Dear God, we thank you for our dependence. We thank you for our chasm of need and the way you continue to come into our reality, not only on Christmas Day but forever after. Nudge us in our knower with your Holy Spirit when we’re filling up on the nothing of this earth and give us a hunger for the Something that is you.

In Jesus’ name, Amen.

When you Need a Shot in the Arm


     Pride is a funny thing. I don’t mean ‘funny in a “ha, ha!” way, but funny as in fickle—unstable, capricious or worse, according to Webster’s “deceitful.”

     Being prideful doesn’t make us deceitful, lying to others (well, it can). No, it makes us lie to ourselves.
     I have been struggling for several weeks with severe right shoulder pain—shooting, stabbing through my upper arm, waking me up at night. If/when I do get to sleep, it often awakens me at 4 am, when I roll over and muck about the floor looking for the ice pack.
     Physical symptoms have included significant muscle weakness and an impaired range of motion, making the simple act of lifting my coffee cup to my lips a cause for pause. The ache extends all the way down my arm into my hand, literally cramping my style, making it hard to write (or type). And I’m a writer.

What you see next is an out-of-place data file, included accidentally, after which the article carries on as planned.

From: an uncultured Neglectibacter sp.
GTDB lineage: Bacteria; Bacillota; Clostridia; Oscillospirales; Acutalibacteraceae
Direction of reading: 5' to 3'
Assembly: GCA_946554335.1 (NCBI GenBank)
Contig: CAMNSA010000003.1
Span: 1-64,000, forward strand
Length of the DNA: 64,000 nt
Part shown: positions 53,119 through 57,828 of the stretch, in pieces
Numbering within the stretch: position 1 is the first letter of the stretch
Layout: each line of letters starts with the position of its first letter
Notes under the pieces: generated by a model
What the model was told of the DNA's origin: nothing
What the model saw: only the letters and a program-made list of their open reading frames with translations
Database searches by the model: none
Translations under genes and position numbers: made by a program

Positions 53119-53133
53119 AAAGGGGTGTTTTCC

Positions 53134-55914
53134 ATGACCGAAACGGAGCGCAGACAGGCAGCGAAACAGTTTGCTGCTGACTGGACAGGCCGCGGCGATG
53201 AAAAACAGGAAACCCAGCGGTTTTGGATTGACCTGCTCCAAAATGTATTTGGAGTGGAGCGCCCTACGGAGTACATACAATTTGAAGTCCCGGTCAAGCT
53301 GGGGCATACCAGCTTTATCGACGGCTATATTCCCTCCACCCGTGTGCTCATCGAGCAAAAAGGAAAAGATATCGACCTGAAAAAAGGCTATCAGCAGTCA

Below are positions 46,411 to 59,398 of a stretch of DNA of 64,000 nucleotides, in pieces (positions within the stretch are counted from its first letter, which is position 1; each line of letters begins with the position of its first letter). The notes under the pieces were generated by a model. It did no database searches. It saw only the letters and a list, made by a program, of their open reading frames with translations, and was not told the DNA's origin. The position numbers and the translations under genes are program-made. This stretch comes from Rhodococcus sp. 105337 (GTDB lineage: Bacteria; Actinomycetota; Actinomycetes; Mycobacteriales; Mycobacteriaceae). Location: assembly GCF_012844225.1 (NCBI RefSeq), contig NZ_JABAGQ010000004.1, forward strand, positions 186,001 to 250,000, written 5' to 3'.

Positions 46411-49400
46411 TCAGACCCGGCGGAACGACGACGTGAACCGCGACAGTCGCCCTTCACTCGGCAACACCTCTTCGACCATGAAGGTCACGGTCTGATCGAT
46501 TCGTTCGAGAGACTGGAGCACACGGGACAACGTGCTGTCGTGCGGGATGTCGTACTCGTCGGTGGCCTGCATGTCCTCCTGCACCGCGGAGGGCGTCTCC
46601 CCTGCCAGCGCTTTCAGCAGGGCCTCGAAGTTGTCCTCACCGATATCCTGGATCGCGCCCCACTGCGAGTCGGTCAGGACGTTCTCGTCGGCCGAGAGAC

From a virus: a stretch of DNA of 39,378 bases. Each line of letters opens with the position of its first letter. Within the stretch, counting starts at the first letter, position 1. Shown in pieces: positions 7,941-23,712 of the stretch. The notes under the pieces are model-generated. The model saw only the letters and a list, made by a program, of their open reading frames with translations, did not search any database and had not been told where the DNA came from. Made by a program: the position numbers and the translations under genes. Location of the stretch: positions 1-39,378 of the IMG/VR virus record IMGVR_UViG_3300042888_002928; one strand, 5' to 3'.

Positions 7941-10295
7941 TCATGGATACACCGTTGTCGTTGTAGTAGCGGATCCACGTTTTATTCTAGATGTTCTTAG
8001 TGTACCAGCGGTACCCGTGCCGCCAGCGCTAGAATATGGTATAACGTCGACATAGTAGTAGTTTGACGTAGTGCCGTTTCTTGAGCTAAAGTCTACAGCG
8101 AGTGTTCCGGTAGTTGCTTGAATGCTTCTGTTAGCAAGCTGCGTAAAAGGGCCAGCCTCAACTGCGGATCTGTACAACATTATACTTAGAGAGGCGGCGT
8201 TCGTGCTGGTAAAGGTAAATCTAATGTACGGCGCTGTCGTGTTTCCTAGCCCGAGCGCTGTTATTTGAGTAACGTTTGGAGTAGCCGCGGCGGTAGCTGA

My massage therapist suggested putting heat on the area at night to stimulate blood movement in the muscles, loosening the tension. The chiropractor mentioned the opposite—ice –when the pain is too severe.
Both have helped (a little) at least at night–sleeping is iffy but slightly better.
     What ice and heat can’t reach or repair is the continual state of worrying about what’s really wrong. Do I need surgery? Is there a permanent injury? The pondering and the pain have preoccupied my (nearly) every waking moment for weeks.  There is no space in my brain to focus on anything else, like the bothersome hum from an old fan in the corner, it functions okay but the annoyance is always there in the background.